- Implement continuous monitoring and threat intelligence. Given that it can take time to discover and remedy a security threat, an important step in improving security is to put tools and techniques in place to continuously monitor email systems for any threats. Alongside the potential to detect a threat, these tools can also gather threat intelligence, empowering key role players to identify and block new threats before serious damage is done.
- Partner with a Managed Service Provider. The amount of technology needed for optimal security can seem overwhelming, particularly as the gap between the knowledge of threats, and the technology required to prevent them, continues to grow. This is where the services of a Managed Service Provider (MSP) can prove highly valuable, as they take care of the expertise and technology needed to ensure business security, helping with a lot of the services mentioned already. An MSP assists with a variety of security assurances, including the secure setup of email systems, ensuring connections and data transfers are encrypted, and keeping software up to date through timely and efficient installations.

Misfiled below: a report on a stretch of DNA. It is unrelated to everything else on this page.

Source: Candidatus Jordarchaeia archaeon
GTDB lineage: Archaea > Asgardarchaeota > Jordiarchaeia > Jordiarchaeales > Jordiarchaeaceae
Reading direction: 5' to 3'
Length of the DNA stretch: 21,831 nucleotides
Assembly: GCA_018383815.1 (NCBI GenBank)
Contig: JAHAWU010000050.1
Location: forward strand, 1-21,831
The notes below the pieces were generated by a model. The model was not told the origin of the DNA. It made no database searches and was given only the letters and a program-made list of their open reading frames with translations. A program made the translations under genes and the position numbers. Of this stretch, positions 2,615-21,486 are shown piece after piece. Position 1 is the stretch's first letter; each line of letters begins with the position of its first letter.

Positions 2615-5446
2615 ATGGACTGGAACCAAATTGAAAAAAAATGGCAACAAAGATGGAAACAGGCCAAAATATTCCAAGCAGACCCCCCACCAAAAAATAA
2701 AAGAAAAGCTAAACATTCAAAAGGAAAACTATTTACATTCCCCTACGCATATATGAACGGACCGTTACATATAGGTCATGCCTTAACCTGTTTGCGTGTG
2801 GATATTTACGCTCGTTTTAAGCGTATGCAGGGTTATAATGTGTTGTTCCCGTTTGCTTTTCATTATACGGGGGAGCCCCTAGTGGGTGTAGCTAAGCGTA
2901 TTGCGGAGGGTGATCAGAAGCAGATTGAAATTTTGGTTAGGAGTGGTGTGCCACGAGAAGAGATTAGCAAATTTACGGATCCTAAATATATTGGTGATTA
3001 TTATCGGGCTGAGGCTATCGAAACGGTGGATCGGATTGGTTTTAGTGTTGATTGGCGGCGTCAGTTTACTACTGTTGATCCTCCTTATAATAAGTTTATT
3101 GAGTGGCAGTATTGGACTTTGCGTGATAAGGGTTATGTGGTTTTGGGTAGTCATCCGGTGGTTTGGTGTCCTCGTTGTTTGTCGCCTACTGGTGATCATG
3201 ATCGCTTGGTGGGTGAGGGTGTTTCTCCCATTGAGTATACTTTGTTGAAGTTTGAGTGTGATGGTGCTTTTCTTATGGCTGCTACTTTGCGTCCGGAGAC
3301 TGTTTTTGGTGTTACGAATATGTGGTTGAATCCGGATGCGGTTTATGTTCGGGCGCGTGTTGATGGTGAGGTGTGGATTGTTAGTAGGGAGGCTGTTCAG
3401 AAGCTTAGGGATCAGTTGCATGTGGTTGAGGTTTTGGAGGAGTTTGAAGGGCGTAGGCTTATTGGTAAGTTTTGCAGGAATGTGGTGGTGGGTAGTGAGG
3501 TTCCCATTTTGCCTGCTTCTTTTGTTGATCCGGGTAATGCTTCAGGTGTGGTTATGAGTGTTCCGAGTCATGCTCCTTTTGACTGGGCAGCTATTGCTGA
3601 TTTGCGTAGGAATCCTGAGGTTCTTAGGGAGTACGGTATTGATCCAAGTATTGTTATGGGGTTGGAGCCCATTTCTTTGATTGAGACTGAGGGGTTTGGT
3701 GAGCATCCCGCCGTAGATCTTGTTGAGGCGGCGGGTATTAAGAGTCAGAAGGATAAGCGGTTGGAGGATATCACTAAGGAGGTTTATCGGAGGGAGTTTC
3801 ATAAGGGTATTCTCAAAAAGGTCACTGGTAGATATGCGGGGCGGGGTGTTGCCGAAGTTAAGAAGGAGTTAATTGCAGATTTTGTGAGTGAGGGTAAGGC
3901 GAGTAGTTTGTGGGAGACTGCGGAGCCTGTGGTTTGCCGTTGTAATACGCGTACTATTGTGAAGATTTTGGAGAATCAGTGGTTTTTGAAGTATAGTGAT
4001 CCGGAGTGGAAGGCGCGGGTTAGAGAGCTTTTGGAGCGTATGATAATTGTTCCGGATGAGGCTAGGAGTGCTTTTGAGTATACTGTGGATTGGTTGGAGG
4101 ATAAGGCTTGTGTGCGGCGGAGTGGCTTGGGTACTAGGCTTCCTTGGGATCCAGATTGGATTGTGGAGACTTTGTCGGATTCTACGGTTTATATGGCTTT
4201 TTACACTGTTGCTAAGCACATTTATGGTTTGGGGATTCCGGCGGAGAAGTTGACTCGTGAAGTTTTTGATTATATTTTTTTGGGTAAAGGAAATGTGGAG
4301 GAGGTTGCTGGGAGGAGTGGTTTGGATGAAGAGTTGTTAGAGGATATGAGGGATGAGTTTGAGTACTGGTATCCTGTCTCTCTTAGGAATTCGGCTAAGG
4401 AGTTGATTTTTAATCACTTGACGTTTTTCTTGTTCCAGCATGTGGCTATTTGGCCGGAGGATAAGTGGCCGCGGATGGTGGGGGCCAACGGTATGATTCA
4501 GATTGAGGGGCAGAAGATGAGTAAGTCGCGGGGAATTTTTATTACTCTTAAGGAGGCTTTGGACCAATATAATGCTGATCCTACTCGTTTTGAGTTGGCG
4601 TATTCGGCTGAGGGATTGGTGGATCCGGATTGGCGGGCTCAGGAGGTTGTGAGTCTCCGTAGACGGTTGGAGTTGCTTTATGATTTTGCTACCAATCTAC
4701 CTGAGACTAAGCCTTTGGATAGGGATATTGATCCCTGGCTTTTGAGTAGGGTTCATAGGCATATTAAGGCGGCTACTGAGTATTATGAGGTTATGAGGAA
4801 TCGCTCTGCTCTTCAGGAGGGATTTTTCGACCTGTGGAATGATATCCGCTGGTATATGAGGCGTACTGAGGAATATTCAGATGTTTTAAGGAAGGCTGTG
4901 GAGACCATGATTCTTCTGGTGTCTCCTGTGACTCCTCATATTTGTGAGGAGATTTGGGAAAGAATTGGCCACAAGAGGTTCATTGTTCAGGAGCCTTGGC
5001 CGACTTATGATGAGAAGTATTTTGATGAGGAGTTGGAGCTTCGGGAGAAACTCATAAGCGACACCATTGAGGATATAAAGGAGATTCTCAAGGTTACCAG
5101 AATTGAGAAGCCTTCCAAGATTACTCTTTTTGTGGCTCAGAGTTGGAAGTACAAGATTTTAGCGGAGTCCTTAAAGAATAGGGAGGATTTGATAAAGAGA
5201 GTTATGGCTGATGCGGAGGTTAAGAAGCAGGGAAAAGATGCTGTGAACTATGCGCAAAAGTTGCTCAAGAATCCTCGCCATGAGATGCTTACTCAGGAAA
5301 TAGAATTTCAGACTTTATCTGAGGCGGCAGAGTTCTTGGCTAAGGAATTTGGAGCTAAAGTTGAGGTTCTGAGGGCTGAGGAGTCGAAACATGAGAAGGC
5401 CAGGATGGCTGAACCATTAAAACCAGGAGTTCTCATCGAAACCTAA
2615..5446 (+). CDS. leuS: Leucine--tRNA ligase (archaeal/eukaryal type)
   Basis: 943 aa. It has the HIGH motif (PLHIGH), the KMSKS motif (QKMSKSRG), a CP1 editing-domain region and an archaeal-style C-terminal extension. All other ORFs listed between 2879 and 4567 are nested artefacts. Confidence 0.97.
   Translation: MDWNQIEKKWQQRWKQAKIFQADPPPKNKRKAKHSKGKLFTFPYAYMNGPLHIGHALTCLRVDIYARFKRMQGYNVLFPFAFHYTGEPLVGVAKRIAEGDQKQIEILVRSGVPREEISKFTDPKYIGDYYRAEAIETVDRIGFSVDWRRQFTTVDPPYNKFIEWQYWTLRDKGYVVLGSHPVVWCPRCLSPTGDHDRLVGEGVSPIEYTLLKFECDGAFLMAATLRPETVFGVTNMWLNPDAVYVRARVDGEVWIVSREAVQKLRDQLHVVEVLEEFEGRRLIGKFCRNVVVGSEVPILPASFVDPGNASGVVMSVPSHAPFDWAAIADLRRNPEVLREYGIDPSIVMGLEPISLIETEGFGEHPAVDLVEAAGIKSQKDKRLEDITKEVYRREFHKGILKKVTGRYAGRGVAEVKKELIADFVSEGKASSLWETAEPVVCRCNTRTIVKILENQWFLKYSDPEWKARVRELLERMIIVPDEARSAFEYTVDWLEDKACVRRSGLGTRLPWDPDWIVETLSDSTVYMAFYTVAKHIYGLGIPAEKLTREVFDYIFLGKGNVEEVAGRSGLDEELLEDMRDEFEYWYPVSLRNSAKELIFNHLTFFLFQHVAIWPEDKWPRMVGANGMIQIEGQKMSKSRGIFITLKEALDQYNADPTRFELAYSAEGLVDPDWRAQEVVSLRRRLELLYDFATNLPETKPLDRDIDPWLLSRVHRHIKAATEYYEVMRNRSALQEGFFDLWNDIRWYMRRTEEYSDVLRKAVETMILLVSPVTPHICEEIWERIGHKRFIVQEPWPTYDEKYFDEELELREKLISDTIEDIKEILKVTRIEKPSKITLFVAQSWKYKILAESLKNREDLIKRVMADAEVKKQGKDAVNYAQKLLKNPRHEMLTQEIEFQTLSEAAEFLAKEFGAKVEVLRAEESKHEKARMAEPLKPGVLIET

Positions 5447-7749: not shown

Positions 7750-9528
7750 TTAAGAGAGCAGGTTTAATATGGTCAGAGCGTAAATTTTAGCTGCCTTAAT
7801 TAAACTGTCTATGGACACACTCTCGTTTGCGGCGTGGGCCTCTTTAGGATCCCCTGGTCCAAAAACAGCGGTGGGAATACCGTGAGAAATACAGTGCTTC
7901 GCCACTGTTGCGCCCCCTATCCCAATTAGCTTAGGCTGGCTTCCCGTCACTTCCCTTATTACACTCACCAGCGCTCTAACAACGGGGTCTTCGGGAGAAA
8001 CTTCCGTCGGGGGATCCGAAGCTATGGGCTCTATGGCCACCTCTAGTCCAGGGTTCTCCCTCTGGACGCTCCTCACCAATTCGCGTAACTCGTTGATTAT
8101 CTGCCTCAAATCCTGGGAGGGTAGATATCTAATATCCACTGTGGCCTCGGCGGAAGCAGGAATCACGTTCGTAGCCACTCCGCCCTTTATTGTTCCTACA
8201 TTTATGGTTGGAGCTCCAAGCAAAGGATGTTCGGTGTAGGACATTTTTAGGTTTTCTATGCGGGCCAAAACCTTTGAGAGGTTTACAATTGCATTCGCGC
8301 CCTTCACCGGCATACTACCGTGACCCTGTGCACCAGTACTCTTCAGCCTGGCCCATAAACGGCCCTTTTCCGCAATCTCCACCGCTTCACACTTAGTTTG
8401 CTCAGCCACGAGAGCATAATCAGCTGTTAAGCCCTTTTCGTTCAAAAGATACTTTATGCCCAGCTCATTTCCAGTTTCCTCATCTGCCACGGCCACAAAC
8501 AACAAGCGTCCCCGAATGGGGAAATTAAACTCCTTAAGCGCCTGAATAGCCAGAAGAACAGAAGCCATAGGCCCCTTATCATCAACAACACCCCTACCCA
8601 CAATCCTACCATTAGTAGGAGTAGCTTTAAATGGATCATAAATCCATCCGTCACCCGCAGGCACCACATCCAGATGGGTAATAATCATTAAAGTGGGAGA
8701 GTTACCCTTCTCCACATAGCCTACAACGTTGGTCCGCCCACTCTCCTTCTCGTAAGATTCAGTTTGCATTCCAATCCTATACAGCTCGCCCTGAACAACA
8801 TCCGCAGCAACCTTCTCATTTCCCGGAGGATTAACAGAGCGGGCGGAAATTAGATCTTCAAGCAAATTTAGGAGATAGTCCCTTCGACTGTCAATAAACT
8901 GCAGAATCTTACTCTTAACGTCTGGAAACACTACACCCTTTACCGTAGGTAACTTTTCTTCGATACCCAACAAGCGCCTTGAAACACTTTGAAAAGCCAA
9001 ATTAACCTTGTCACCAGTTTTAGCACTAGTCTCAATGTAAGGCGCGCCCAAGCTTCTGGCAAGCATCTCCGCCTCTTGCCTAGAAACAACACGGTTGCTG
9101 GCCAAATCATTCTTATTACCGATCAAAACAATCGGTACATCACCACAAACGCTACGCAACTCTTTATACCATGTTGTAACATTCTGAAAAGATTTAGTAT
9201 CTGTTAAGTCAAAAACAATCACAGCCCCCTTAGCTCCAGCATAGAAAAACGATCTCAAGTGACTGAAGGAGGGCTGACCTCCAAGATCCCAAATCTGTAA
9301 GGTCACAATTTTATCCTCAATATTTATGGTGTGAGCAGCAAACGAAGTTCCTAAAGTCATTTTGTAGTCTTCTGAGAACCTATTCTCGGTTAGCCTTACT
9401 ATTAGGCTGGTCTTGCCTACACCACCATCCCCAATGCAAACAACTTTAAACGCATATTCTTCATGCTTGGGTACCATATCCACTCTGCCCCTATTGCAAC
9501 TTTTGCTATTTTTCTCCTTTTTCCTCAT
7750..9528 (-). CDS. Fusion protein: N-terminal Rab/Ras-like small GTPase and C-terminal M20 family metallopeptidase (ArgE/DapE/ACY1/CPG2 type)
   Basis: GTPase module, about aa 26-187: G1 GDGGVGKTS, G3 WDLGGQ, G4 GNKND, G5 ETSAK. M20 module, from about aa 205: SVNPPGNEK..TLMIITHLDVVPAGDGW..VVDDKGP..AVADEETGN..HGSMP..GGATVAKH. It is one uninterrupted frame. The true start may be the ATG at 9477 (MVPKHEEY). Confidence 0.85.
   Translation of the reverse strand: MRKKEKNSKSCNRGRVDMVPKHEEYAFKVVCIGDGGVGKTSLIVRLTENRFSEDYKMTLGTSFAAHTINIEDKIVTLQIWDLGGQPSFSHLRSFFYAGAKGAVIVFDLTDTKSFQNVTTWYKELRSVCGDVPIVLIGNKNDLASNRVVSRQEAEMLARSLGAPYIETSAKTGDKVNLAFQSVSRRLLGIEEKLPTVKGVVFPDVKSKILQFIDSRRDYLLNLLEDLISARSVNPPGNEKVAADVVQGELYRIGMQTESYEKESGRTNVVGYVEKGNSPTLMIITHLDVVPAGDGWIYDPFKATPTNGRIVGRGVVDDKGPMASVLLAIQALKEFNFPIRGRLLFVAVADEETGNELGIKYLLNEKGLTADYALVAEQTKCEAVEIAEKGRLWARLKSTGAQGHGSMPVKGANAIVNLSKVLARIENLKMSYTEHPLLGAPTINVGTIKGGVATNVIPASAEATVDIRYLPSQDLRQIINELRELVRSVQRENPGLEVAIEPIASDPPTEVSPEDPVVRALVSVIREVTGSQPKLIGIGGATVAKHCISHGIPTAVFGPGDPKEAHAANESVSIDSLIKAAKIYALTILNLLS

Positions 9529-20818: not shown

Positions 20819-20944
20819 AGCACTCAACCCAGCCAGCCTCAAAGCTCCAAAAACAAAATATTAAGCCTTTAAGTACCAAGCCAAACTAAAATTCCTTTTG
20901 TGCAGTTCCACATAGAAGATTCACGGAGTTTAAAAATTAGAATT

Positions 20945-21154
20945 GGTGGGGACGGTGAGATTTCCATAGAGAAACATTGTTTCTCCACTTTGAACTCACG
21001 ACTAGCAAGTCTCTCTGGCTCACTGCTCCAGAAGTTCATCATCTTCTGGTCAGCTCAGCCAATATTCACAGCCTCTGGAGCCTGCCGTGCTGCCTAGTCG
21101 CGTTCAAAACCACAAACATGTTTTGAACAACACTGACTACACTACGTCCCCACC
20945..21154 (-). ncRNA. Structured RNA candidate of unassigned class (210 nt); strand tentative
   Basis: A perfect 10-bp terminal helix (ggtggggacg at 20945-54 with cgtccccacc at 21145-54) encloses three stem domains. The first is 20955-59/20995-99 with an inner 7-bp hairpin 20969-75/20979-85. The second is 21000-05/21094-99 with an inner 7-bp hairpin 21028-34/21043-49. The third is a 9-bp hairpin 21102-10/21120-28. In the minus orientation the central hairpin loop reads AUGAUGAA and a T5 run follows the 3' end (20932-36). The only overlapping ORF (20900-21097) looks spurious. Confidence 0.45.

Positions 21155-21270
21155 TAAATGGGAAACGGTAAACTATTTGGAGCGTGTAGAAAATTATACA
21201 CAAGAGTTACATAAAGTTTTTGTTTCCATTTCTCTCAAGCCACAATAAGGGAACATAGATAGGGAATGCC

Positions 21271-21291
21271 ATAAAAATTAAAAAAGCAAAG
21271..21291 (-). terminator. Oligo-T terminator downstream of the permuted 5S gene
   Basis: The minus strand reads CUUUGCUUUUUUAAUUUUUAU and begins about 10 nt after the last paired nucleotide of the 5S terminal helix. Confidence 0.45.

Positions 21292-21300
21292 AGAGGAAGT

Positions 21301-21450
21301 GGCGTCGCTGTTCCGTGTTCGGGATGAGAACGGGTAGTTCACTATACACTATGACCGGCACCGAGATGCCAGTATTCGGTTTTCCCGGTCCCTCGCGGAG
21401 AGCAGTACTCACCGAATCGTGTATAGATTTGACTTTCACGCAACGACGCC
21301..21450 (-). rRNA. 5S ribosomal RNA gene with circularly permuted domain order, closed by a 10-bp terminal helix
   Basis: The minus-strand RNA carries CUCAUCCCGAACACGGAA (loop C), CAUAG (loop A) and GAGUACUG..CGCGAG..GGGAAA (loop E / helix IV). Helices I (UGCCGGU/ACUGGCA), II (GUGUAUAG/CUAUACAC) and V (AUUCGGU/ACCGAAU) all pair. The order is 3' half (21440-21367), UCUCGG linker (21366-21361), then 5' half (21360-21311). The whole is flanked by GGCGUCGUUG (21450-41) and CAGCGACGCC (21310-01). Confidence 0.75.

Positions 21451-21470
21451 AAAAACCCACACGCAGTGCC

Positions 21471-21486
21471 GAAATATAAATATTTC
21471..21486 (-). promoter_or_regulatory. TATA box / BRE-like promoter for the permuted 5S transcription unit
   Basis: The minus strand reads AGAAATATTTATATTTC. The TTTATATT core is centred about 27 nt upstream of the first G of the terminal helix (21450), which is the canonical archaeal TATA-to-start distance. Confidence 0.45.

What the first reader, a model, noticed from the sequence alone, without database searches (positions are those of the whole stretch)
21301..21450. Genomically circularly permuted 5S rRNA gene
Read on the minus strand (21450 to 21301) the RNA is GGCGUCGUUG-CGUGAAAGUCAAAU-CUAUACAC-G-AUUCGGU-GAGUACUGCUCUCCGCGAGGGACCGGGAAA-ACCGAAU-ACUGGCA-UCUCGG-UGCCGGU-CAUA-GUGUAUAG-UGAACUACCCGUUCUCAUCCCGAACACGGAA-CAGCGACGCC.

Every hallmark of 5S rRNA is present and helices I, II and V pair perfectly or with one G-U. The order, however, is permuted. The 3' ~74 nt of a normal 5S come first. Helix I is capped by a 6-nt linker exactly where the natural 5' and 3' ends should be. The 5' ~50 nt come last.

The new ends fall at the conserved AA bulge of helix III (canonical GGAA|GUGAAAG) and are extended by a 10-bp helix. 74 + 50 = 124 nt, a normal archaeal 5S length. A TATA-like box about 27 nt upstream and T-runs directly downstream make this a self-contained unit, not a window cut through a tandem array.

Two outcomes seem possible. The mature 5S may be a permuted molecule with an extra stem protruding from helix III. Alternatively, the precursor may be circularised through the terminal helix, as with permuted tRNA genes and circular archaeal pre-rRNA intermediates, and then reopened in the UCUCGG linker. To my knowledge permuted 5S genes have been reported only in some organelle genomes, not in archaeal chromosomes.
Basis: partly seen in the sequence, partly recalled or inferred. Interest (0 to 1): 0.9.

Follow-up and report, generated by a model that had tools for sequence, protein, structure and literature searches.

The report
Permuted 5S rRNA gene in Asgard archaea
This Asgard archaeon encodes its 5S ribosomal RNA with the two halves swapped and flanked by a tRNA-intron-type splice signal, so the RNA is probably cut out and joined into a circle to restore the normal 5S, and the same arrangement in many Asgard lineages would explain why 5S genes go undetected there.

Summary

Apart from the reputational damage, and compromised trust with customers, suppliers, and clients,
experts believe that cybercrime is set to cost the world $8 trillion annually in 2023.
The reality is every business in every industry is at risk from email fraudsters. In order to know exactly what to do to increase protection against these threats, it’s important to understand your level of risk of exposure to fraudulent email activities. We’ve developed a free tool to help you identify how secure your domain is. Try it here.
Now, more than ever, it’s important for brands to equip themselves with the knowledge and tools to protect their businesses, and those they do business with, from email-related security threats. To find out more about how Sendmarc and our partners can help do this, contact us today. Or, visit our services page for more information on how we can help secure your email communication.